"I think that the governor should not have absolute power. "
By Enrique Rangel
The Lubbock Avalanche-Journal
AUSTIN - Like the chairmen of other legislative panels, state Sen. Robert Duncan has the final say on the fate of all bills that land on his Senate State Affairs Committee for screening.
So the Lubbock Republican has agreed to hold a hearing for some legislation that didn't go anywhere in the 2007 session mainly because he was against it: Two bills that would allow the Texas Legislature to return for a special session to override governor's vetoes after the regular session ends.
That's all Rep. Gary Elkins, R-Houston, and Sen. Jeff Wentworth, R-San Antonio, say they needed - a hearing. "There is broad support for my bill and I think that in the Senate it will pass as easily as it did in the House," said Elkins, whose House Joint Resolution 29 overwhelmingly passed in the House recently.
Wentworth's bill, Senate Joint Resolution 14, is similar to Elkins and the two bills - which are expected to eventually merge - are now waiting for a hearing in the Senate State Affairs Committee.
If the proposed legislation clears the Senate, as Elkins and Wentworth expect, in November Texas voters would have the final say on whether state lawmakers can return to Austin after the 140-day regular session ends just to override governor's vetoes. Texas voters have historically approved most constitutional amendments. If the Senate and Texas voters approve the proposed legislation, the lawmakers could call a special session starting in 2011. Currently, only the governor can call one. What changed this year
Duncan said last year that he didn't like Elkins' bill in 2007 because "in my view this diminishes the checks and balances system that we have."
Moreover, neither Gov. Rick Perry nor any of his predecessors have abused the veto power, Duncan stressed.
However, he said in a recent interview that he agreed to give the bills a hearing because Elkins' proposal specifies that the lawmakers can return for a special session only if there is a major outcry about a governor's veto.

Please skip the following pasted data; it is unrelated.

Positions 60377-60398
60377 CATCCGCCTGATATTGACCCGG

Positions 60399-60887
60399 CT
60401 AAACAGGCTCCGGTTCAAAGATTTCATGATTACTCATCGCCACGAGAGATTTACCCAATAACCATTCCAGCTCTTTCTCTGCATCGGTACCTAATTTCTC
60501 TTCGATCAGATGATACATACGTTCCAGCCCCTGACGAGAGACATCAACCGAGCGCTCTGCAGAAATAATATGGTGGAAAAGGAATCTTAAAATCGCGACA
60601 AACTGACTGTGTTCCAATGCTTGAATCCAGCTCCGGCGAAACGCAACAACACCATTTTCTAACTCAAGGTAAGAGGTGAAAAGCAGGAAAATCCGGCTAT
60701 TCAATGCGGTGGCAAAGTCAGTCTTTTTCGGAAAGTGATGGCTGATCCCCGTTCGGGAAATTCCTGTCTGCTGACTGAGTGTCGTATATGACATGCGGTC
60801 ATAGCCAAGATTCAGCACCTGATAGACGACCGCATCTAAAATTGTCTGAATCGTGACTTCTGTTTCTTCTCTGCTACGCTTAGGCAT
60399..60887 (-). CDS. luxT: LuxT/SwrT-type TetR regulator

Elkins said the House took care of Duncan's concern the day his bill passed thanks to an amendment by Rep. Larry Phillips, R-Sherman. And as examples of a major outcry, Elkins cited the $152 million for health insurance funding for community colleges that Perry vetoed after the 2007 session ended and an eminent domain bill of Rep. Beverly Woolley, R-Houston, that the governor also axed two years ago.
In the end, facing tremendous pressure, after four of months of negotiations between Perry and legislative leaders - including Duncan - both sides reached a compromise and the funding for the entire community college system was restored. But the experience left many people emotionally drained, particularly the presidents of the state's 50 community colleges. However, the veto of Woolley's bill stood.
"If my bill had been law, we would have come back for a special session and override those vetoes," Elkins said.
He and Wentworth said that the legislation they filed is not a reflection on Perry.
"This is not about Gov. Perry or any other governor," Wentworth stressed. "It is about the separation of powers." Based on the 131-16 vote Elkins' bill received in the House, most lawmakers agree with such assessment.
"I've been here 24 or 25 years and I don't believe that I even participated in an override of a governor's veto," said Rep. John Smithee, R-Amarillo, who voted for Elkins' bill. "Because of the separation of powers, the protection that we have in the Constitution, I think that the governor should not have absolute power. The framers intended for an override to take place.
"Unfortunately, most or all legislation, especially complicated or important legislation passes at the end of the session when there is no way that the Legislature can override because the governor doesn't veto until after the Legislature is gone," Smithee explained.
But Rep. David Swinford, R-Dumas, one of the 16 House members who voted against Elkins' bill and even blasted the previous bill on the House floor in the 2007 session, said the majority of his colleagues are wrong.
"The founders of our Constitution said 'we want the power divided up three ways' and that is why we have the judicial, executive and legislative branches," Swinford said. "I do not believe in eroding what the constitutional founders did.
"I think it's worked wonderful over the years," Swinford added. "I would not have voted for that when it was (Democratic Gov.) Ann Richards, I wouldn't vote for it when it is the next Democratic governor whenever that happens and I wouldn't vote for it on this governor."
Perry's office is not pleased with Elkins' and Wentworth's bills either.
"We think the system works well the way it is and we think that the legislators ought to concentrate on passing good bills," said press secretary Allison Castle.
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